Operation Anvil seeks to track planes entering Honduras, ascertains where they will land, and then sends helicopters out to make arrests, Posivak said.
Both governments insist that the DEA agents provide a supporting role only, and that under their rules of engagement are allowed to fire their weapons only in response to a threat.
The DEA "is in Honduras at the request of our government in a support and training capacity," Hernandez said.
The three shooting incidents are the part of Operation Anvil that has received the most attention, but law enforcement aid is just one of the facets of American help.
Anvil falls within the larger framework of Central American Regional Security Initiative, or CARSI, which has provided more than half a billion dollars to the region since 2008. Besides law enforcement efforts, the money goes toward institution building and anti-corruption efforts, Posivak said.
"It's not a problem that can be solved by law enforcement alone," he said.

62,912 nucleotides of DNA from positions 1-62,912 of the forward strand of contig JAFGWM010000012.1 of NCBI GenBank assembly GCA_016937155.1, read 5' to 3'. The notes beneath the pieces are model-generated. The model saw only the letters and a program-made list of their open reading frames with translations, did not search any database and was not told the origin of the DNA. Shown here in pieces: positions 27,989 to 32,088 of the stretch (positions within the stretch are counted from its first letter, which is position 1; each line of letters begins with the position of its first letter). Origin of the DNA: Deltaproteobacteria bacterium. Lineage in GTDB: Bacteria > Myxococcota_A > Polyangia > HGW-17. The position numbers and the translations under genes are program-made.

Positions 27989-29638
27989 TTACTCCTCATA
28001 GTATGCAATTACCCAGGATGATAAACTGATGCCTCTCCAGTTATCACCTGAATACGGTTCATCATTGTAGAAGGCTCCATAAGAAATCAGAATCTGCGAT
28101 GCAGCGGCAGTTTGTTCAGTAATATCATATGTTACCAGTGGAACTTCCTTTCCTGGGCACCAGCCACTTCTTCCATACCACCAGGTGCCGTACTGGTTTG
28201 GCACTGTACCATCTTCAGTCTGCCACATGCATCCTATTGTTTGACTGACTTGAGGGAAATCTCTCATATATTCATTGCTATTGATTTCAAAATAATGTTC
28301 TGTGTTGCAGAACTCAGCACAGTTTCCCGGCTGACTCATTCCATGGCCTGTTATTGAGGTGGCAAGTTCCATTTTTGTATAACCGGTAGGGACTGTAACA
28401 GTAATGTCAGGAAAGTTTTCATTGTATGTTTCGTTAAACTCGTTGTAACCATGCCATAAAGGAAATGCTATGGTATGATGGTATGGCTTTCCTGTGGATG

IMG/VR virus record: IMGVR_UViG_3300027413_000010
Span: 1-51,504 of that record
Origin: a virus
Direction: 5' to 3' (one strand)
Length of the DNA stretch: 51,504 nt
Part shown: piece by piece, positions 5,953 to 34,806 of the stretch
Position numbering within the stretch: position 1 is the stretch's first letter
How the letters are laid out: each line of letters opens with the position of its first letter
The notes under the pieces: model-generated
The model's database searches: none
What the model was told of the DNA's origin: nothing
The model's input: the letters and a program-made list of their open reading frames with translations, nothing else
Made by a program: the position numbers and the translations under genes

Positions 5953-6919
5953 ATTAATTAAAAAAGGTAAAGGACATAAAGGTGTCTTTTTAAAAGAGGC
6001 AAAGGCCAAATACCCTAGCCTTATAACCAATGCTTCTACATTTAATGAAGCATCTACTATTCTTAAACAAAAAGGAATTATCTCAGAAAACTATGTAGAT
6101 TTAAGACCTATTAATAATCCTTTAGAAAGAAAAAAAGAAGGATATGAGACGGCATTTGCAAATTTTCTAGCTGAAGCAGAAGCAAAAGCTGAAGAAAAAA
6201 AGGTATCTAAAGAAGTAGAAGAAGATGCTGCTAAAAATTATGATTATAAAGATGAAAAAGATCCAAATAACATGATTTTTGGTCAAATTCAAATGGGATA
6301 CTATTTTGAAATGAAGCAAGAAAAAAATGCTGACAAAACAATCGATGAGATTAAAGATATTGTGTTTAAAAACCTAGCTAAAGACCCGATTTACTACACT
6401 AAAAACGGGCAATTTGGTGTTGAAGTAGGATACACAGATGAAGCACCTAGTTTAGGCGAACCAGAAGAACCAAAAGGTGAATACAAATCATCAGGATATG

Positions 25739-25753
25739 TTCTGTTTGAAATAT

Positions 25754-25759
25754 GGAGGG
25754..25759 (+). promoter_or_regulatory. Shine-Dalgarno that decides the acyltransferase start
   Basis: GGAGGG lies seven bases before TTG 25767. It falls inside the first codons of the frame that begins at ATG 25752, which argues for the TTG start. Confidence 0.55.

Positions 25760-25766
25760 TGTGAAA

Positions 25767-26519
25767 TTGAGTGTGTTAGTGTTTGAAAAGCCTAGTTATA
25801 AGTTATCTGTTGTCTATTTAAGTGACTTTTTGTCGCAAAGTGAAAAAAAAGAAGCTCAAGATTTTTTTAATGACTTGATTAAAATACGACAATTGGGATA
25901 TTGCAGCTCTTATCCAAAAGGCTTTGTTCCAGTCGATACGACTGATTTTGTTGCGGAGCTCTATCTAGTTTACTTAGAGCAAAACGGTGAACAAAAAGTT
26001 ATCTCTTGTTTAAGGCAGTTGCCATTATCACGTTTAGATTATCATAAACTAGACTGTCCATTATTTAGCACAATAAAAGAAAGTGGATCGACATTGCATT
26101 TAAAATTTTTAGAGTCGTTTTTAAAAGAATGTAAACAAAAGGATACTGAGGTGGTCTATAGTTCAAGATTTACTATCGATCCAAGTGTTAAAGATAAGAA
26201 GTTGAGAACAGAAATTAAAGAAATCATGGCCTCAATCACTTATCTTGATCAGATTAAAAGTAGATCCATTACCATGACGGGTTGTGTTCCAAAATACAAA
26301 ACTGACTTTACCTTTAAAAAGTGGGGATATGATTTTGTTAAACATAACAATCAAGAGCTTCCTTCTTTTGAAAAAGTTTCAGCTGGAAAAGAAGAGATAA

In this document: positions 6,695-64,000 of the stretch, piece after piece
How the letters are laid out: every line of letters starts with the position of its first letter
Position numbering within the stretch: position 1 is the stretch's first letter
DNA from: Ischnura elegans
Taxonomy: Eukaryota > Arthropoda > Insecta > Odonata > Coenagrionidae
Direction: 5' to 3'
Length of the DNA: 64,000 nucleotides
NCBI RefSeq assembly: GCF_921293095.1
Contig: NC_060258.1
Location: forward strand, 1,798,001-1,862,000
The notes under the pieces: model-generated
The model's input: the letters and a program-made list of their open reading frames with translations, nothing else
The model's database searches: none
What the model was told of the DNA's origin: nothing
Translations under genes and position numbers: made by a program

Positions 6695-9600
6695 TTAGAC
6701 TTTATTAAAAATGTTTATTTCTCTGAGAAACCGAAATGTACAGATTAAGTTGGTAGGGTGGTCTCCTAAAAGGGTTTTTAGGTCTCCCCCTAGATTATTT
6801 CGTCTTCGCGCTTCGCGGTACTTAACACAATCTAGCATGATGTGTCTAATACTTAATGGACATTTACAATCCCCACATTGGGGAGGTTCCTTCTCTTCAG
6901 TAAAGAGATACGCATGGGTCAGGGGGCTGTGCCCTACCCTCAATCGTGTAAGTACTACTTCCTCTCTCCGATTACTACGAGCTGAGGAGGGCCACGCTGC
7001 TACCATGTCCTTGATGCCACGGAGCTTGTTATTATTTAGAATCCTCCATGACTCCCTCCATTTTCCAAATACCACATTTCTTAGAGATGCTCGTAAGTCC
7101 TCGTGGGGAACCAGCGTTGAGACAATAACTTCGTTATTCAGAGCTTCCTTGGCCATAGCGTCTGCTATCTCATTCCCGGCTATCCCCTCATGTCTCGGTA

The goal is to address security concerns through all means, he said.
U.S. funding for CARSI has increased from $60 million in 2008 to an estimated $135 million in 2012.
The most controversial of the Anvil-related confrontations has been the May 11 incident near Ahuas in the Mosquitia region.
Hilda Lezama, the owner of the boat that was attacked, told reporters last month that she was carrying passengers before dawn when helicopters appeared and opened fire, wounding her and killing four.
The State Department, however, has indicated that the Honduran forces were justified in firing in self-defense. DEA agents were present, but did not fire their weapons, officials say.
The Honduran government is investigating the incident, but critics don't believe the government has the capacity to fairly assess itself.
"What happened in Ahuas is unbelievable. They claim they combat crime but they cover up their own crime?" said Rodolfo Pastor Fasquelle, a Honduran historian and former minister of culture, arts and sports.
Pastor is one of 40 Honduran scholars, joined by 300 from outside the country, who signed a letter to President Barack Obama and Secretary of State Hillary Clinton asking that the United States cease all military and police aid until corrupt agencies are cleaned up.